Well, I didn't know that.

Peripheral

Dedicated Member
.LANGUAGE PROBLEM...
My Gert and I, being from different sides of the pond, occasionally use different words for the same object. At dinnertime today, I fancied a bun after my meal. I told her I wanted a bun and what followed was enough to precipitate the third World War. She seemed not to understand what a bun was and offered me a variety of pills. I got very frustrated and yelled, " I want a bun."
"What's a bun,?"
she yelled back. The veins in my temples were pounding fit to burst. She has lived here for 22 years and to say that she doesn't know what a bun is seemed so incomprehensible. She likes to watch Summer Wine and I reminded her of the times she had seen the Boys go into the cafe and ask for sticky buns. "Sticky buns" she yelled, "Sticky buns".
In desperation I logged into Google with the intention of showing her the word 'bun'. At this point we come to the 'WELL, I DIDN'T KNOW THAT part of the story. I typed in the word bun and what came up made my eyes stick out like organ stops. I got a photo of a large restaurant called the ......The Bun and Peri Restaurant. I was gob smacked, twice.... Once from Google and once from her across the pond:frown2:. .... Look it up on Google. Do we have any members who know of this restaurant? .......Peri........
 

captain clutterbuck

LOTSW Fanatic
Chicken shop in Birmingham by the look of it Peri . Although it shares your name Peri I wouldn't be crowing about it :fp: . It'll be Chobbling food but hardly Bostin Fittle. Some of your posts are Avante Garde but I don't think you are totally Yampy. :)
 

Eithne

Dedicated Member
Sorry for your tribulations Peri. Over here the word bun, depending on where you are in the country, is going to be a dinner bun, more commonly called a dinner roll. A bun most often refers to that ball of hair many women wear on top of their heads. A dinner bun or roll is a little like a bap I think but yeasty, like a little ball of fluffy bread intended to sop up gravy. You might try the term sweet roll, which would usually get you a danish or a cinnamon roll (Chelsea bun) here.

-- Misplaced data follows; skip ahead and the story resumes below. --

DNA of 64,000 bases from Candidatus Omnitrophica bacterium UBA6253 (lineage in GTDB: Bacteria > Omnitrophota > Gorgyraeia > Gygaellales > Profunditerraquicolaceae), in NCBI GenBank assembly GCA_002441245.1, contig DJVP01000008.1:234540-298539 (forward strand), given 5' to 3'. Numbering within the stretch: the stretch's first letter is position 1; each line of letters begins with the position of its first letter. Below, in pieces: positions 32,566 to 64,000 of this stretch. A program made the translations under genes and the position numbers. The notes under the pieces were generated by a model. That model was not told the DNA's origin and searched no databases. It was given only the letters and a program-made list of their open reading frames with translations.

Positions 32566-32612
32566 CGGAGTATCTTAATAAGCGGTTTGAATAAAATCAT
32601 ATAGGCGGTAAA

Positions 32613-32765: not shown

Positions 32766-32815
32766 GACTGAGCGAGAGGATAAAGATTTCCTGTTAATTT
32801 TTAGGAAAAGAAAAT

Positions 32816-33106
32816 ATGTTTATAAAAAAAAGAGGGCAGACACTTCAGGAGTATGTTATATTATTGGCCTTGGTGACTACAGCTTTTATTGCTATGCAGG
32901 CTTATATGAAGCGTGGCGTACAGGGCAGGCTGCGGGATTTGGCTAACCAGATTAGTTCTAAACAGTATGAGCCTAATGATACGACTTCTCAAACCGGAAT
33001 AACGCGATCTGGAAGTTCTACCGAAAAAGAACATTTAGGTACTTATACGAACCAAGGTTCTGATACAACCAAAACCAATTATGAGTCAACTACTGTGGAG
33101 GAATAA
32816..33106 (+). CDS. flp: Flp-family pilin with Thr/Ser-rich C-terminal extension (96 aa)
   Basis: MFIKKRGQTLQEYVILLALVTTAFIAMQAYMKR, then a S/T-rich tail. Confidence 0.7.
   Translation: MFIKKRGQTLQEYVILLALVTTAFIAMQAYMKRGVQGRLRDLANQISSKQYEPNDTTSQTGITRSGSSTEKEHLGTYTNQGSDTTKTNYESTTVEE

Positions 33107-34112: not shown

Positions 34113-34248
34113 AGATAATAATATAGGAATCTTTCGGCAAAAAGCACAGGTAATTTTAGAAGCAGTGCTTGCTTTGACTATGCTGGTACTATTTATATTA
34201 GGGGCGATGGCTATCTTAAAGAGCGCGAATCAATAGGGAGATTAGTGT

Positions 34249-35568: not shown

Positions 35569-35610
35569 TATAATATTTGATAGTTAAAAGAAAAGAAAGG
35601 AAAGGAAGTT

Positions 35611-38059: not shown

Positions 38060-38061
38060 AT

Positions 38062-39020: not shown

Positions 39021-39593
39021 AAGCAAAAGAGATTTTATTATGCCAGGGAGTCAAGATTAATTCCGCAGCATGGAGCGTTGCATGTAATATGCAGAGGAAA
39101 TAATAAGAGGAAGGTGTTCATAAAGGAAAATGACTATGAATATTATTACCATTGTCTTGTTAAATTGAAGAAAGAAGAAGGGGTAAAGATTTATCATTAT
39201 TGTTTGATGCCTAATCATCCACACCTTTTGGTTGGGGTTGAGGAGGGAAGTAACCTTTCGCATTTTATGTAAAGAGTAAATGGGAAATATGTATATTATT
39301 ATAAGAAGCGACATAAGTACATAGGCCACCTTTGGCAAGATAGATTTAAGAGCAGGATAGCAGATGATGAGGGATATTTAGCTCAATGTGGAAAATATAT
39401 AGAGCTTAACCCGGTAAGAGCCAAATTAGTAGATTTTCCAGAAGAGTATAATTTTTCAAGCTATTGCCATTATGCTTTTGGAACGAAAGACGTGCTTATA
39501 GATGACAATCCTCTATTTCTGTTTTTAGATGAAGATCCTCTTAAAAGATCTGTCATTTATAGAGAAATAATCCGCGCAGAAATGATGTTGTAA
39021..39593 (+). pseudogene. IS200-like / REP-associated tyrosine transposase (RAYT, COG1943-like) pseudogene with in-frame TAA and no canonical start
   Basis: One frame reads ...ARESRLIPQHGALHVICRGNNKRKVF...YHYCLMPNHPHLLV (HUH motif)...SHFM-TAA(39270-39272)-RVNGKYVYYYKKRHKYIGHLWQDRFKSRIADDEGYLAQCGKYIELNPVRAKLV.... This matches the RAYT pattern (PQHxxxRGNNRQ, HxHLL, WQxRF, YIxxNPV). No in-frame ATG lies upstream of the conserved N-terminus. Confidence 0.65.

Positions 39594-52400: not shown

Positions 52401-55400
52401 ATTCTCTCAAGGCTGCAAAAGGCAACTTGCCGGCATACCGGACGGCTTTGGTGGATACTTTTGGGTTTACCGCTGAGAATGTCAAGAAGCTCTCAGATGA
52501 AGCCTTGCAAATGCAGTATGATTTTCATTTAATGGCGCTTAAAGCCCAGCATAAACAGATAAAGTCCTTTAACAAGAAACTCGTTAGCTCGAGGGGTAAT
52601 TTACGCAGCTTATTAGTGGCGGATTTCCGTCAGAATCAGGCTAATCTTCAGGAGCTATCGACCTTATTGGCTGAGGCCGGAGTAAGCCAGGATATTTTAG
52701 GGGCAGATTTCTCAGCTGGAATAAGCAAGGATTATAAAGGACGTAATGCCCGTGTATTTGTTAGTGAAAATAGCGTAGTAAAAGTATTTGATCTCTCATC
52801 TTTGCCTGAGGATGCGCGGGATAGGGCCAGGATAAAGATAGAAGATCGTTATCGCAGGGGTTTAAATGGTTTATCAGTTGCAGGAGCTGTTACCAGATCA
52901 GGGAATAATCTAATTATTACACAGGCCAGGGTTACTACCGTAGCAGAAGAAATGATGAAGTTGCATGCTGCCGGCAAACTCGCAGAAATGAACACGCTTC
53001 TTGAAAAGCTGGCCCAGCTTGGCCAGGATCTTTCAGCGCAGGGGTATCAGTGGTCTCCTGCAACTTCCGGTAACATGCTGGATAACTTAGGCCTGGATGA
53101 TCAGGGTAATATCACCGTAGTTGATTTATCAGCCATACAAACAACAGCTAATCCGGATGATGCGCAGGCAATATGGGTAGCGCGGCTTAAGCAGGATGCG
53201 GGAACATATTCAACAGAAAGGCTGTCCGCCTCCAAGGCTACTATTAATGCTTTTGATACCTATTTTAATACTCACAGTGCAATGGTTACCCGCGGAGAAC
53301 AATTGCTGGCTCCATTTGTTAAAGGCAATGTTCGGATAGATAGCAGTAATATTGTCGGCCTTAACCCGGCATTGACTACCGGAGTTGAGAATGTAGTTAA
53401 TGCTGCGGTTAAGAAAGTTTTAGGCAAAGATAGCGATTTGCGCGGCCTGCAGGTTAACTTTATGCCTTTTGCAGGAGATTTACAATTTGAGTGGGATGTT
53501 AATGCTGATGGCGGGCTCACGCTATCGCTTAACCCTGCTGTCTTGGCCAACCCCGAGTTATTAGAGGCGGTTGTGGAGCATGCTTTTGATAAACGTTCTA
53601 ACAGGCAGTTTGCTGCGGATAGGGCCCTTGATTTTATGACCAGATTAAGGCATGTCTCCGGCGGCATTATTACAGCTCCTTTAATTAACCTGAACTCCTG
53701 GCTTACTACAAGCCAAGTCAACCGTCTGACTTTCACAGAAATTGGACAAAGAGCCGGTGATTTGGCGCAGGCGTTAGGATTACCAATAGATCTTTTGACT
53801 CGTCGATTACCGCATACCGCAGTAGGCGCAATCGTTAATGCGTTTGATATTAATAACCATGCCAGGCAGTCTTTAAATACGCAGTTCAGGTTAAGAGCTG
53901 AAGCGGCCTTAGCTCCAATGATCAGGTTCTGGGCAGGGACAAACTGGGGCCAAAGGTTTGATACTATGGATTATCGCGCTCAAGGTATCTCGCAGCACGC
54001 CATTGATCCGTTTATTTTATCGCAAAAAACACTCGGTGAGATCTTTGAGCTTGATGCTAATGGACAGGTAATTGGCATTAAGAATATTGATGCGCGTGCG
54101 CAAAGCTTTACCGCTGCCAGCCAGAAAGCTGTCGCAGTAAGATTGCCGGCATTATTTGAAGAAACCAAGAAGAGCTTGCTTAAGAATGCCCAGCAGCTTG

Douglas Enwright

Dedicated Member
I thought you were going to say you were brought a breadcake Peri,as I have heard those foolishly called buns before,your good lady needs a visit to Sid’s cafe for educational purposes where she has to order two sticky BUNS.
 

Eithne

Dedicated Member
I had to look up "breadcake", that is a hamburger bun! Certainly not a rewarding thing to receive for one's evening pudding, but not unlike what one might encounter as a dinner roll in the states.
 

Douglas Enwright

Dedicated Member
I had to look up "breadcake", that is a hamburger bun! Certainly not a rewarding thing to receive for one's evening pudding, but not unlike what one might encounter as a dinner roll in the states.
There’s only one word round these parts Eithne for a roll,or a bap,or a bun,or whatever else anyone wants to call them,and that’s a breadcake,and I’m sure Compo and everyone else round here would agree.
 

captain clutterbuck

LOTSW Fanatic
There’s only one word round these parts Eithne for a roll,or a bap,or a bun,or whatever else anyone wants to call them,and that’s a breadcake,and I’m sure Compo and everyone else round here would agree.